Not just Ikea: Red Hook waterfront could become big box Mecca

Remember those 70,000 extra square feet of retail space that the city approved at the Ikea site? The Stoop hears that part of the space will be filled by a Bed Bath & Beyond.

A source says that the linen and toiletry giant is interested in becoming part of the Swedish furniture retailer’s location on the Hook’s waterfront.

Ikea denied any plans to bring the so-called “B3” to the property, formerly a shipyard.

“While the project received approvals for development of several outparcels on the Red Hook property along with our store, we are focused solely on building and opening our IKEA store,” said spokesman Joseph Roth.

“We currently do not have plans underway for other [retail locations] at this point.”

Perhaps, but Ikea’s approval from the city did include a provision for more than 70,000 additional square feet of retail. The average Bed Bath & Beyond store is 30,000 — but the chain has recently been opening stores twice that size.

In the past, Roth has spoken favorably of Bed Bath & Beyond, which shares a parking lot at an Ikea location in Paramus, New Jersey.

“Ikea and [Bed Bath & Beyond] assortments overlap relatively little, and good neighbors can make the location even more of a draw for customers,” Roth told a trade publication, DSN Retailing Today, in 2005.

Red Hook residents said that they would discourage the New Jersey–based home furnishings store from coming to the neighborhood.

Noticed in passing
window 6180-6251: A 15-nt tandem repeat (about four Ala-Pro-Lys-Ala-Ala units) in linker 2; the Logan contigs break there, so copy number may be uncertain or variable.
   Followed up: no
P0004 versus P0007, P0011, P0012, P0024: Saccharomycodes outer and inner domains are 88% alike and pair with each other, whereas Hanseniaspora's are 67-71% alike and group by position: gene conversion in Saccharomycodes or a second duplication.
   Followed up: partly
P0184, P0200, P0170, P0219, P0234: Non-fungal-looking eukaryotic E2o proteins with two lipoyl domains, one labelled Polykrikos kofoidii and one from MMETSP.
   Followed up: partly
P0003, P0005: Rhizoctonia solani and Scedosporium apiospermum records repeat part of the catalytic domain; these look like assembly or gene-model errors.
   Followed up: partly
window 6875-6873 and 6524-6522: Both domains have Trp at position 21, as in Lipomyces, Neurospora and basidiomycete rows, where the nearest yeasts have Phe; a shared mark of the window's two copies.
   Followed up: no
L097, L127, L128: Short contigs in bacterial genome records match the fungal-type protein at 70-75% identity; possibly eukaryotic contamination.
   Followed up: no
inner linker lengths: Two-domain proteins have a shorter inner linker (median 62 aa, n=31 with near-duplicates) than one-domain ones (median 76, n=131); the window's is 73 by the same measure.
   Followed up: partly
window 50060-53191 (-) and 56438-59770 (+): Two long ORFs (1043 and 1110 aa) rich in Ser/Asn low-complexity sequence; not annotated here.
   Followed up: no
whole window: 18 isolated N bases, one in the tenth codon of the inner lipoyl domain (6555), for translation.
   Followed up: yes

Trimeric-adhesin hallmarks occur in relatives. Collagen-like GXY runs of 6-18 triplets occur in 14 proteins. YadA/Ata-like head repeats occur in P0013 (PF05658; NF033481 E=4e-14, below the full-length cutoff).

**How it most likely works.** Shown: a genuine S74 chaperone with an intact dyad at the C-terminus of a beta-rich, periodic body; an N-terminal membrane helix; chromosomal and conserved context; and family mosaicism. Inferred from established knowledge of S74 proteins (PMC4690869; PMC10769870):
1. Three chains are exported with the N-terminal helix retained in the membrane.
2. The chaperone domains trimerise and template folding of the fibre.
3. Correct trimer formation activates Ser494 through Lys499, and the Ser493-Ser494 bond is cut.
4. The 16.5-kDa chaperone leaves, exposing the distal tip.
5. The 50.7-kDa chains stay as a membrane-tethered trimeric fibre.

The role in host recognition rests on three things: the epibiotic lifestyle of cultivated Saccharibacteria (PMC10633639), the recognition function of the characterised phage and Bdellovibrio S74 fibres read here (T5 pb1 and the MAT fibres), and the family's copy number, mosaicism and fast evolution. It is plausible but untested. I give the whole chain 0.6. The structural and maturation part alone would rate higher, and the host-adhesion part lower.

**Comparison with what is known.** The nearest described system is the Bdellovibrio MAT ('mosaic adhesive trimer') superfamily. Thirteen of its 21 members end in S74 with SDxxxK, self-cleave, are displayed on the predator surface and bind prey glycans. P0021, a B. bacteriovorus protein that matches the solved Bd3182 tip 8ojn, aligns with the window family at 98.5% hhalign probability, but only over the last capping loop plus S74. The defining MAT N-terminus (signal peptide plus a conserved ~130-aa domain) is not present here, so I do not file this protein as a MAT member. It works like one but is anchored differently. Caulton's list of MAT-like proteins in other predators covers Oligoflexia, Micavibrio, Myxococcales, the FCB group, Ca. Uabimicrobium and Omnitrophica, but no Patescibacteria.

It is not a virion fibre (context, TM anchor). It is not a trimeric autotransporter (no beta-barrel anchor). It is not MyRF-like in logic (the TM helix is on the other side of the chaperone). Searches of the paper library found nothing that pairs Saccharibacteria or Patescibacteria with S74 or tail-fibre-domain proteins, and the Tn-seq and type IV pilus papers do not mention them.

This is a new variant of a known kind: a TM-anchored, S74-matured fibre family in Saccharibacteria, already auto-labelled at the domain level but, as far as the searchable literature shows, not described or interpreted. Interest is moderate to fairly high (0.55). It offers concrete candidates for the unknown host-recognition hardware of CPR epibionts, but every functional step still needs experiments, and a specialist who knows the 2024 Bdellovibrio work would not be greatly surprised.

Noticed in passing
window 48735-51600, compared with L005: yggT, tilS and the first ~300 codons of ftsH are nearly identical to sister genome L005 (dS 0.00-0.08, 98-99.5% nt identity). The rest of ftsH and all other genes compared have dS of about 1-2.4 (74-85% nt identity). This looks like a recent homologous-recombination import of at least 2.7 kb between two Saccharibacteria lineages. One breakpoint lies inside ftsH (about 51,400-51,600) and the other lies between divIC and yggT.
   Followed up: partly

“Any additional stores will increase the level of environmental damage to Red Hook,” said John McGettrick, co-chair of the Red Hook Civic Association and a longtime critic of the project because of the toll it will take on the historic community.

Ikea’s plans include parking spaces for 1,400 cars as well as a waterfront esplanade that will include a docking space for water taxis. Even without any neighbors, the mega-store is expected to bring a considerable amount of traffic to the neighborhood’s cobble-stoned streets.

McGettrick said that his group planned to warn other retailers that building in the community would damage their reputation.

“If [these stores] are concerned about the environment, the roads and the safety of children, they will not set up shop,” he said.

A supporter of the project, Ray Hall of Red Hook Rise, which develops academic, employment and athletic opportunities for local kids, said he had not heard about any new retail at the Ikea site — but said he would support it.

“This community needs economic development,” Hall said.

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